Blunt Talk

TV review by
Joyce Slaton, Common Sense Media
Blunt Talk TV Poster Image
Older teens only for this hilarious media-savvy comedy.

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A lot or a little?

The parents' guide to what's in this TV show.

Positive Messages

Viewers can see the negative effects of chasing fame and working too hard on things that don't fulfill you, though that message is realized by seeing what a mess our main character's life is, which may not thrill parents. 

Positive Role Models & Representations

Main character Walter Blunt is a drunk, a dabbler in drugs, a masochist, and more, but he's also kindly and respectful to his employees and others he encounters. 

Violence

Cartoonish scuffles have unexpected consequences; injuries to a man's genitals are made light of. Characters collapse as if in death. 

Sex

A man picks up a prostitute who turns out to be transgender; they graphically discuss her genitalia, and she reveals her breasts. A man gives another prostitute violent "lashes," for implied sexual gratification.

Language

Frequent unbleeped cursing; mostly "f--k" and "s--t." 

Consumerism

The setting, a cable news show from Los Angeles, necessitates frequent mentions of real celebrities: Jeffrey Katzenberg, Daniel Craig, and other media notables. 

Drinking, Drugs & Smoking

Blunt is an alcoholic (or at least a heavy drinker) who drinks at bars and from flasks before getting behind the wheel of a car (he is arrested for DUI). We see him take marijuana edibles, snort cocaine, and take several prescription pills without knowing what they are.

What parents need to know

Parents need to know that Blunt Talk is a comedy series about a cable news talk show host with an untidy personal life. His drinking and drug use likely will concern parents most: He frequently drinks at bars and out of an ever-present flask; afterward, he slurs his words, is emotionally out of control, and eventually is arrested for drunk driving. Our hero also eats marijuana edibles while driving, takes a handful of prescription pills shared by a friend with a drug problem, and then snorts what he thinks is cocaine only to wake up and discover it was Ambien. Sexual hijinks may raise parent eyebrows: A man picks up a prostitute in his car; they graphically discuss her body parts, and then she reveals her breasts. A melee follows with police; a man is kicked in the testicles and injured, which is later played for laughs. Cursing is continual; many four-letter words are uttered in disgust instead of fury. Despite the naughty content, the overall tone is comedic, and the main character is respectful and kind to those who depend on him.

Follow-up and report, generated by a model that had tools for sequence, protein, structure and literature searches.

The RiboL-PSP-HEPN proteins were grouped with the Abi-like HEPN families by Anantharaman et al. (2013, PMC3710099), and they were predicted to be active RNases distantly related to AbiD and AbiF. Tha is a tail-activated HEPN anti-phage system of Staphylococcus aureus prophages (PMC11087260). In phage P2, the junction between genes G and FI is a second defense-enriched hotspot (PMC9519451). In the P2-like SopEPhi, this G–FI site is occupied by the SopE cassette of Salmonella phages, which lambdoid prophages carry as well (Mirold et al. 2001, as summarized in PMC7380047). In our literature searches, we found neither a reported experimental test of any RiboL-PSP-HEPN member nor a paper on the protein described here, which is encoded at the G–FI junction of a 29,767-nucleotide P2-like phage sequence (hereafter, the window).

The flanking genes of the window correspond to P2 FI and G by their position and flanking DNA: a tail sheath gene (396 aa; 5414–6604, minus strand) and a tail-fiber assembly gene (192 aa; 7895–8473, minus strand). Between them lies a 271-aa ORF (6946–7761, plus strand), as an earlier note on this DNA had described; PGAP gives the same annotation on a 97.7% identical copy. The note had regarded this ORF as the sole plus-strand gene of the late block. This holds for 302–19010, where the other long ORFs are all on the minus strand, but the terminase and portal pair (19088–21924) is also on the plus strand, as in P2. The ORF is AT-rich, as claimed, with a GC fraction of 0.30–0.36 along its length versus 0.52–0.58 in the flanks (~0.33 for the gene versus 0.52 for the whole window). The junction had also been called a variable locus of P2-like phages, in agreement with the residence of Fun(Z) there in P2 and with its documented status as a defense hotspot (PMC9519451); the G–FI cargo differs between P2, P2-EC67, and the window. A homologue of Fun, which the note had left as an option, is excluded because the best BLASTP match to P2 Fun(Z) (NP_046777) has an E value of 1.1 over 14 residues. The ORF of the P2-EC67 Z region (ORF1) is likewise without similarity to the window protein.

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What's the story?

After making the decision to move to Los Angeles to conquer the American cable news market, British newscaster Walter Blunt (Patrick Stewart) is the host of BLUNT TALK, and he's at a crossroads. He's just gone through his third divorce, the future of his relationship with his young son is in question, he's drinking too much, and his ratings have plummeted. If he didn't have his loyal manservant Harry (Adrian Scarborough) and loving right-hand woman Rosalie (Jacki Weaver) to lean on, plus his TV show staffers, there's no telling where he'd be. But even his staff can't save him when he's arrested for patronizing a prostitute and drunk driving, landing him in gossip columns all around the world. Things look dark for Walter Blunt -- can he find some redemption? 

Is it any good?

Crass, profane, and naughty, this sitcom is not for kids -- but adults who appreciate a good, rude media-set comedy and the talents of the very funny Patrick Stewart will be delighted. Blunt Talk takes a "show-don't-tell" approach to characterization that relies on the audience to fill in the blanks. No one has to tell us that Blunt's career is on the decline and that he's feeling out of touch and over the hill, yet trying desperately to hang onto his relevance.

The vintage pop-culture references Blunt makes (Wallis Simpson? Burt Lancaster?) and the expressions on the faces of those who learn Blunt has a wife half his age and a 5-year-old son quickly sketch in the details of this man's situation, and we can get on to the good stuff: Stewart mocking both himself and the media milieu in which the show is set. There's a marvelous moment in the show's pilot in which Stewart decides to interview himself in split-screen. "First, let's tape my emotional reactions!" he says, eyes alight with the zeal of a showman tasked with putting on a show. "Anger with self! Empathy! Coquettishness!" Hilariously, Stewart nails every one of them -- and this show too. 

Talk to your kids about ...

  • Families can talk about the type of show Walter Blunt stars on. In real life, who are Blunt-like celebrities? What shows are they on, and what channels? What type of influence do they have on news reporting? 

  • How would this show change if it were set at a newspaper or a magazine? What about if it were set in a small town or in the 1950s? 

  • Is the audience supposed to be disgusted by main character Walter Blunt? Are we supposed to fear him? Like him? Empathize with him? How can you tell? 

TV details

For kids who love dark comedy

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